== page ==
I wondered about the Thin Man connection. Thanks.

      Sam as The Doctor makes as much sense as anything else in this episode.

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  7. Sam as Mary Sue didn't bother me here, because we only see her in a few scenes in this one episode, and from Buffy's perspectives. As far as Buffy's concerned from their few, limited encounters, Sam is Mary Sue. If she was around for an entire season, Mary Sue would be a problem.

    I kept waiting, once Riley and Sam and Buffy entered the house, for Riley to say "where's Joyce?" or something to that effect. Surely the writers wouldn't miss a chance at such a great payoff...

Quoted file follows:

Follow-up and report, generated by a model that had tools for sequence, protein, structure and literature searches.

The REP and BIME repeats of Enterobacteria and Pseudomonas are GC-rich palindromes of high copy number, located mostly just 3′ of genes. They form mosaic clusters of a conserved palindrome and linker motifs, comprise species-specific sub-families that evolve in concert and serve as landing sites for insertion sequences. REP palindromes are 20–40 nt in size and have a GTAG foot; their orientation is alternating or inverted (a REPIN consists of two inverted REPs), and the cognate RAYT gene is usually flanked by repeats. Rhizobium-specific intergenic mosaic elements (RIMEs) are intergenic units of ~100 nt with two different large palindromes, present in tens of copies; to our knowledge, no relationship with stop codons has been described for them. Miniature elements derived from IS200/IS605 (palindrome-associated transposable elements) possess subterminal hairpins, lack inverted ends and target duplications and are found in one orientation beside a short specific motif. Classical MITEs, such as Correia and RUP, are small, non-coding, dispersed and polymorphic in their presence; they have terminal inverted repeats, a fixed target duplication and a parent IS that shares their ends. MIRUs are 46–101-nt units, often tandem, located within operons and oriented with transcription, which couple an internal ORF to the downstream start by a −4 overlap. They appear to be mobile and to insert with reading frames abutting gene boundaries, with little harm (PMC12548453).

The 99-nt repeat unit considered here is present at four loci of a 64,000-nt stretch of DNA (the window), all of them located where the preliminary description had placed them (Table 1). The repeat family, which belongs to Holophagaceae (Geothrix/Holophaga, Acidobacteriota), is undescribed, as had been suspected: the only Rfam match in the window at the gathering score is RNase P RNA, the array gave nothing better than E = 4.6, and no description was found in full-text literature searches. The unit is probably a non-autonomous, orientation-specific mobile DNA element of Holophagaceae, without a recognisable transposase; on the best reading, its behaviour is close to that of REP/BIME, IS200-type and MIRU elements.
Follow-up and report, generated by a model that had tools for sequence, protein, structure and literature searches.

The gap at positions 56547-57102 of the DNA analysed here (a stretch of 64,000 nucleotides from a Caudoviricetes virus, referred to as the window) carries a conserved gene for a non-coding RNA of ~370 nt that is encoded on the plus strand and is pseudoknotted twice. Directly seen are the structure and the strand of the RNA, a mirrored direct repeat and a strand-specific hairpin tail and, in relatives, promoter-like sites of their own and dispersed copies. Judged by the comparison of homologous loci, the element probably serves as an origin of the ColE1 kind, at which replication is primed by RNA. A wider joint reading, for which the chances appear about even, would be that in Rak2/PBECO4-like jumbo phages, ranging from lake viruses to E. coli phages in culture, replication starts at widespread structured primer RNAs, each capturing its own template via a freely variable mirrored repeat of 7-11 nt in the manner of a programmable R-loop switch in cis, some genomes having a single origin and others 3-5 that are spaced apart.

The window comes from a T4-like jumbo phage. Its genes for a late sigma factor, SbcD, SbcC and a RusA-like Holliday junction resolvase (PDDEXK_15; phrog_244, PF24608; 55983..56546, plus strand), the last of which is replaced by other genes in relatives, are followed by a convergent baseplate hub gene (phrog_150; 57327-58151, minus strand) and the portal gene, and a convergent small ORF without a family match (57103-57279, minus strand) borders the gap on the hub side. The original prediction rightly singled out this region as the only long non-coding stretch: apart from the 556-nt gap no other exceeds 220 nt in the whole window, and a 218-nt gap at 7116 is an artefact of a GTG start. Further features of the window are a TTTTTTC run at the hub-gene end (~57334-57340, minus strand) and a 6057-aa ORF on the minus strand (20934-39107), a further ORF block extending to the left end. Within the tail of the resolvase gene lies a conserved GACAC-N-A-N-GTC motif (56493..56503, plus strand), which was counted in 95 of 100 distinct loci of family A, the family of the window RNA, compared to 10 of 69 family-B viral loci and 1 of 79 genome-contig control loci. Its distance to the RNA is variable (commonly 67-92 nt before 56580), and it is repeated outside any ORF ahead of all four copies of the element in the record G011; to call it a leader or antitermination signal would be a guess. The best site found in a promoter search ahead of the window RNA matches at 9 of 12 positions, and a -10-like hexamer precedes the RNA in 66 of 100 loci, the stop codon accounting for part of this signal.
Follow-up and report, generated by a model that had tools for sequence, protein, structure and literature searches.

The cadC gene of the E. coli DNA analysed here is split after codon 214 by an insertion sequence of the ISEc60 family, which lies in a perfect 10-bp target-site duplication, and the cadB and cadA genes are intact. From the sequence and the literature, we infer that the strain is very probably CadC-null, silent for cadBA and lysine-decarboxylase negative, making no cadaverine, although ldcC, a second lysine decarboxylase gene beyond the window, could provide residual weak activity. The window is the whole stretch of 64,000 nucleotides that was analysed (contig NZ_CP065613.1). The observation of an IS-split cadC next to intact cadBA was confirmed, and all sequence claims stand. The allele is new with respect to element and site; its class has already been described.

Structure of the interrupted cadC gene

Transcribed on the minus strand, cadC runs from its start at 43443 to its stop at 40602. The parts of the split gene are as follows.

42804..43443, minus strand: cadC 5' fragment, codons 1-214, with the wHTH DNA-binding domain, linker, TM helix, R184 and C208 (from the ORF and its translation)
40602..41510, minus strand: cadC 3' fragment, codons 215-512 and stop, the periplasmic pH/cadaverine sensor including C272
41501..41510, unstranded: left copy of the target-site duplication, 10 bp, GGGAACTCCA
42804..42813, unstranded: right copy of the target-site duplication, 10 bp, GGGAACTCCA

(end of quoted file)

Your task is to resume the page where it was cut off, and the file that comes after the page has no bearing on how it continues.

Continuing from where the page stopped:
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    1. Riley's failure to mention Joyce is really astonishing. I can't imagine how anyone could write the episode and not do so.